This is good news for the 50 million plus PAN cardholders in the country. A senior official in the Prime Ministers Office said, Subsidies will not be withdrawn immediately but their better targeting is certainly being looked into. The immediate aim of the smart card scheme is to check the diversion of subsidised LPG for non-domestic use such as its use as an auto fuel.
If in future, income-tax payers are asked to pay a higher price for an LPG cylinder, it will only take place after a thorough debate within government. Presently, there is no proposal to make any category of consumer pay the market price for LPG, the source added.
The official said there is consensus within government to better target subsidies on both LPG and kerosene. The petroleum ministry has agreed with the Planning Commissions suggestion to promote improved procedures for targeting subsidies.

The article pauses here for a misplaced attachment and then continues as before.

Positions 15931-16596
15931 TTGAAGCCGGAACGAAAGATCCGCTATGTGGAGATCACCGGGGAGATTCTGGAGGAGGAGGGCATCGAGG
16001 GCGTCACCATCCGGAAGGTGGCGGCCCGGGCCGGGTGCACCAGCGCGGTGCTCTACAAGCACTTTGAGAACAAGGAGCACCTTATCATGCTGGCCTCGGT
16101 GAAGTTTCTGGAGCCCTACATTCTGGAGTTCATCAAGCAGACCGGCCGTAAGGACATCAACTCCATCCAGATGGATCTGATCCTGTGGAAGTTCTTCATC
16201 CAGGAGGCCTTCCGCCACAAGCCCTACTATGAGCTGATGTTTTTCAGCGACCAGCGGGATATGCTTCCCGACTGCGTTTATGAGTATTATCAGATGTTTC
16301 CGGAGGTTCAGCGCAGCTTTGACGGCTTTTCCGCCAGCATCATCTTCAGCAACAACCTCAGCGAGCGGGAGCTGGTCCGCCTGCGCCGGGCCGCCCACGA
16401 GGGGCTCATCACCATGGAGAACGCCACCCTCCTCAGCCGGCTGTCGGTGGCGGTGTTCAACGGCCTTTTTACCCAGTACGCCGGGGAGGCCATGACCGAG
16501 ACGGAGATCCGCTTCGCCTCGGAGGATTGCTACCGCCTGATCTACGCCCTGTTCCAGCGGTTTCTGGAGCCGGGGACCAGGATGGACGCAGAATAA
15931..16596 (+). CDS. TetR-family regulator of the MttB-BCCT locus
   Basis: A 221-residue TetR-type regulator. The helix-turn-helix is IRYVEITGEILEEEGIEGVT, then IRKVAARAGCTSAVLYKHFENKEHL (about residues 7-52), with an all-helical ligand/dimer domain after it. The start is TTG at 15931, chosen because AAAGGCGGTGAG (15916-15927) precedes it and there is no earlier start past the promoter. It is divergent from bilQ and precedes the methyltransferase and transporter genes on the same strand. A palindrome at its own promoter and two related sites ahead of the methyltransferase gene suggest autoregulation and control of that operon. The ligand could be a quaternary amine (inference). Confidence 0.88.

In order to meet the requirement of domestic cooking gas, public sector oil marketing companies import LPG. The imports cost a lot more than the price at which it is sold to consumers. A domestic LPG cylinder costs Rs 300 for a household, even as the actual market price stands at close to Rs 480.
However, despite the imminent rollout of the smart card scheme, the petroleum ministry is concerned as a similar government scheme for a PDS kerosene smart card for below poverty line (BPL) families has already met with opposition from state governments.
That scheme has been kept in abeyance for the time being because the Planning Commissions BPL figures have been contested by most states, which have their own estimates on identifying such households.
The Planning Commission has identified 6.52 crore BPL families. However, state governments have put the figures at 10.2 crore. The smart card scheme for PDS kerosene is now being discussed by the expert group of the finance ministry for a review and restructure of subsidies and delivery mechanism, the official added.